Puerto Rico’s most famous poet and greatest literary figure, Julia De Burgos (1914-1953) is as significant a cultural icon for the island. Every line of De Burgos’s verse is imbued with passion, feminist self-assertion, and love of homeland. As with many female artists, De Burgos’s life story added to her legend, though her romantic life and untimely death threatened to overshadow her work by turning her into an allegorical figure for the patria’s humiliations. Yet, outside of Puerto Rican communities, she is largely unknown despite the fact that her poetry, while firmly rooted in place, addresses the universal human subjects of love, war, and self-creation.
De Burgos’s life spanned Puerto Rico’s full entrenchment as a colony of the United States, while her public life as a writer took place against the backdrop of the twentieth century’s global conflict between fascism and democracy. The problems Puerto Ricans face today, as their impoverished island fights for survival in an era when the international order seems to be coming apart, are the legacy of the struggles De Burgos faced.
In Puerto Rico and the US, her name adorns two parks, six monuments, seven buildings, five schools, a shelter for battered women, and an arts center in East Harlem’s El Barrio, opposite a wall showcasing a mosaic of her face. During her final days, De Burgos wrote to her sister: “It honors and satisfies me that while the government of this country repudiates me for struggling for the welfare of humanity, including its own people, my Puerto Rican gente honor and protect me, materially and spiritually.”
-Molly Crabapple, ‘The Fatal Conscience’: Julia de Burgos, Puerto Rico’s Greatest Poet
The New York Review of Books
RÍO GRANDE DE LOÍZA
by Julia de Burgos
Translated by Jack Agüeros
Rio Grande de Loiza!… Elongate yourself in my spirit
and let my soul lose itself in your rivulets,
finding the fountain that robbed you as a child
and in a crazed impulse returned you to the path.
Coil yourself upon my lips and let me drink you,
to feel you mine for a brief moment,
to hide you from the world and hide you in yourself,
to hear astonished voices in the mouth of the wind.
Dismount for a moment from the loin of the earth,
and search for the intimate secret in my desires;
confuse yourself in the flight of my bird fantasy,
and leave a rose of water in my dreams.
Rio Grande de Loiza!… My wellspring, my river
since the maternal petal lifted me to the world;
my pale desires came down in you from the craggy hills
to find new furrows;
and my childhood was all a poem in the river,
and a river in the poem of my first dreams.
Adolescence arrived. Life surprised me
pinned to the widest part of your eternal voyage;
and I was yours a thousand times, and in a beautiful romance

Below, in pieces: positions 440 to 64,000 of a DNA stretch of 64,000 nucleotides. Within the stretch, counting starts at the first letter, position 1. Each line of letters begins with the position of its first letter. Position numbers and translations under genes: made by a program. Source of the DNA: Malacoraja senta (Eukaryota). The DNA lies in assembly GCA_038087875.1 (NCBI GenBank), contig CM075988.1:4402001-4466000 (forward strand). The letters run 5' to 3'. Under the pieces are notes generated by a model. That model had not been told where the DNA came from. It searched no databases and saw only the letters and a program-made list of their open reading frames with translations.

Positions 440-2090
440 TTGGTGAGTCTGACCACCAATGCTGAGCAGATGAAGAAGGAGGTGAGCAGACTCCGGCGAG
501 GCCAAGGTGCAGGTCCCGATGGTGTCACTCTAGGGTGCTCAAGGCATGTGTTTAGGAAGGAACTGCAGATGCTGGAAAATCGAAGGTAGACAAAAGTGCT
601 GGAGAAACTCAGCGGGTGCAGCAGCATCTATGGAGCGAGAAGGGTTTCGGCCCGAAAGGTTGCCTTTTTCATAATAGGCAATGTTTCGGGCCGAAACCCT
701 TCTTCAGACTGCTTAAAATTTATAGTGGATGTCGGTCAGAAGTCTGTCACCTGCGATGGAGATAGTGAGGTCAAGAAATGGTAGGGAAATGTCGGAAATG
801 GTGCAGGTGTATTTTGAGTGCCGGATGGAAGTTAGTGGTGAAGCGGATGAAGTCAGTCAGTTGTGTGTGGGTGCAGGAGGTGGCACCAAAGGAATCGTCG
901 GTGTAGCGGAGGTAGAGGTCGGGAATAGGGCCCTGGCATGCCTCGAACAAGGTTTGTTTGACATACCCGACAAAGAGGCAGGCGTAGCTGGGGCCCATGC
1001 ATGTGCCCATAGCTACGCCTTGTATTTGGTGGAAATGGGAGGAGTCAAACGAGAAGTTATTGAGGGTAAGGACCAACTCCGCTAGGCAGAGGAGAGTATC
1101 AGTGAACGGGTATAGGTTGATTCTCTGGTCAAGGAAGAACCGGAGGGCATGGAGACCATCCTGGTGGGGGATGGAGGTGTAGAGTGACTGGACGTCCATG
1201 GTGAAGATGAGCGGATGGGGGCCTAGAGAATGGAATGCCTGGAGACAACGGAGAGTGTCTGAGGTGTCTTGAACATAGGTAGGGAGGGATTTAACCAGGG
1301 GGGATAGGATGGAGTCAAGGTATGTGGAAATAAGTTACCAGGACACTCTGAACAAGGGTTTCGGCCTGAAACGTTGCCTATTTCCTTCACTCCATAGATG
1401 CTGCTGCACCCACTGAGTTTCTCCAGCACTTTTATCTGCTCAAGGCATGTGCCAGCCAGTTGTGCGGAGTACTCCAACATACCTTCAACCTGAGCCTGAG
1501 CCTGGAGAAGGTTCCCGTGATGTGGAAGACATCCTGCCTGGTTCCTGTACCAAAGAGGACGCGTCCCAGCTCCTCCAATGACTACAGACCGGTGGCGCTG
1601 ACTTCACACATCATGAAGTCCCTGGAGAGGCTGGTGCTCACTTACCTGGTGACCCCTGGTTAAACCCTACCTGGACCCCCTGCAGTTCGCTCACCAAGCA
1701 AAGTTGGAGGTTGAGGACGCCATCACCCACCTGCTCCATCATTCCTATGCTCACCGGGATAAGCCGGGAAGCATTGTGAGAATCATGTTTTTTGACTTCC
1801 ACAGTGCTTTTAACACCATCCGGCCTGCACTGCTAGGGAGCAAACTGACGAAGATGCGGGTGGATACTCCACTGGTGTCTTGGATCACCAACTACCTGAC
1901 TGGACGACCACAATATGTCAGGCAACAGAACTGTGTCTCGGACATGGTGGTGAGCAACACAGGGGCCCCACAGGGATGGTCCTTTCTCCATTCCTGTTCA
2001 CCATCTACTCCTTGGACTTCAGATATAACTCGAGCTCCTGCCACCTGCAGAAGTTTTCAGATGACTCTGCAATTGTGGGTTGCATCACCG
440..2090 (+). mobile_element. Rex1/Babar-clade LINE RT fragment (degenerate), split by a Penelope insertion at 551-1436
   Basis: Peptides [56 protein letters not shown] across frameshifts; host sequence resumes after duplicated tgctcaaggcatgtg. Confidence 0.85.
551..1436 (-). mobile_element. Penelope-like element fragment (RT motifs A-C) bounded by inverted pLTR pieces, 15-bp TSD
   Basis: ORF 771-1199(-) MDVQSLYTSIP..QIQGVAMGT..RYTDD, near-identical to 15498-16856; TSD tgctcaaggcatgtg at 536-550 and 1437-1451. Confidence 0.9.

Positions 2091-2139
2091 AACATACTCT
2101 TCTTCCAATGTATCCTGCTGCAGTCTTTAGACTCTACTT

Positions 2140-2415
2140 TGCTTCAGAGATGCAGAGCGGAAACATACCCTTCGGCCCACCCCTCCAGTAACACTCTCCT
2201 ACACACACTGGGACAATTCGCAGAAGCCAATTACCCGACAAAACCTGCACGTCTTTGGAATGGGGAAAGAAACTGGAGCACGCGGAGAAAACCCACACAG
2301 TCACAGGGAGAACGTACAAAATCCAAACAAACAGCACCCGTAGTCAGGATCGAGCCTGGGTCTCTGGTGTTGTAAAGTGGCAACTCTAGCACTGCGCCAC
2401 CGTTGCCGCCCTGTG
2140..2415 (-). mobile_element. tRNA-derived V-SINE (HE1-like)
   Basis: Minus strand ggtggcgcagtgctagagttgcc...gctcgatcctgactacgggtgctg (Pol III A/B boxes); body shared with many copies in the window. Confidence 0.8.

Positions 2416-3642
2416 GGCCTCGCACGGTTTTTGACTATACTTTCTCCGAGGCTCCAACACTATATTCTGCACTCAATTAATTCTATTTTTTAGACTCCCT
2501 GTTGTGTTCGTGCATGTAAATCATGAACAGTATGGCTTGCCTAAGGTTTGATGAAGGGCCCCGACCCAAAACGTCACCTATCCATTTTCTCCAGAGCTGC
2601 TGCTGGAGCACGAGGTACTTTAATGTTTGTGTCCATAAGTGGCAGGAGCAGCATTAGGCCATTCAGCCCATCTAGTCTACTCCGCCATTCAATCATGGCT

you awoke my soul and kissed my body.
Were did you take the waters that bathed
my body in a sun blossom recently opened?
Who knows on what remote Mediterranean shore
some faun shall be possessing me!
Who knows in what rainfall of what far land
I shall be spilling to open new furrows;
or perhaps, tired of biting hearts
I shall be freezing in icicles!
Rio Grande de Loiza!… Blue. Brown. Red.
Blue mirror, fallen piece of blue sky;
naked white flesh that turns black
each time the night enters your bed;
red stripe of blood, when the rain falls
in torrents and the hills vomit their mud.
Man river, but man with the purity of river,
because you give your blue soul when you give your blue kiss.
Most sovereign river mine. Man river. The only man
who has kissed my soul upon kissing my body.
Rio Grande de Loiza!… Great river. Great flood of tears.
The greatest of all our island’s tears
save those greater that come from the eyes
of my soul for my enslaved people.
Cristina Pérez Díaz (San Juan, 1985) is a poet, playwright and the founding editor of the Puerto Rico Review (www.thepuertoricoreview.com). She is a Ph.D. candidate in classical philology at Columbia University, where she specializes in Greek theater and poetry. She holds a Master in Philosophy from the Universidad Autónoma de México. Cristina writes irregularly a column for En Rojo of the Puerto Rican weekly Claridad. Her first collection of poems, Adentro crián pájaros, was published in the Parawa art publishing house (Santurce, 2016). With La Impresora (2016) she produced an edition of one hundred copies of a series of four poems and drawings, New Imaginary Anatomy. She has published poems in the digital magazines ViceVersa, Enclave, Eterna Cadencia and Círculo de Poesía. Her poetry appears in the Mundo Mosgo (Parawa, 2015) and Cross-border anthologies (Punto de Partida, 2016). Her play Western, starring Antigone and Her Siblings, premiered in June 2016 at the El Flamboyán Theater (Lower East Side, Manhattan), directed by Javier Antonio González with members of the Caborca company.
.In “Río Grande de Loíza” Julia De Burgos works with a complex metaphor, “el río,” that could symbolize both a lover and the country of Puerto Rico. Expand.
.Pérez Díaz in “I look for brooks,” re-signify words and stanzas from “Río Grande de Loíza.” The “re-writing” method looks to turn the poem upside down, now the man-river -and the poet- are looking for Julia de Burgos and her literary legacy. Give some details.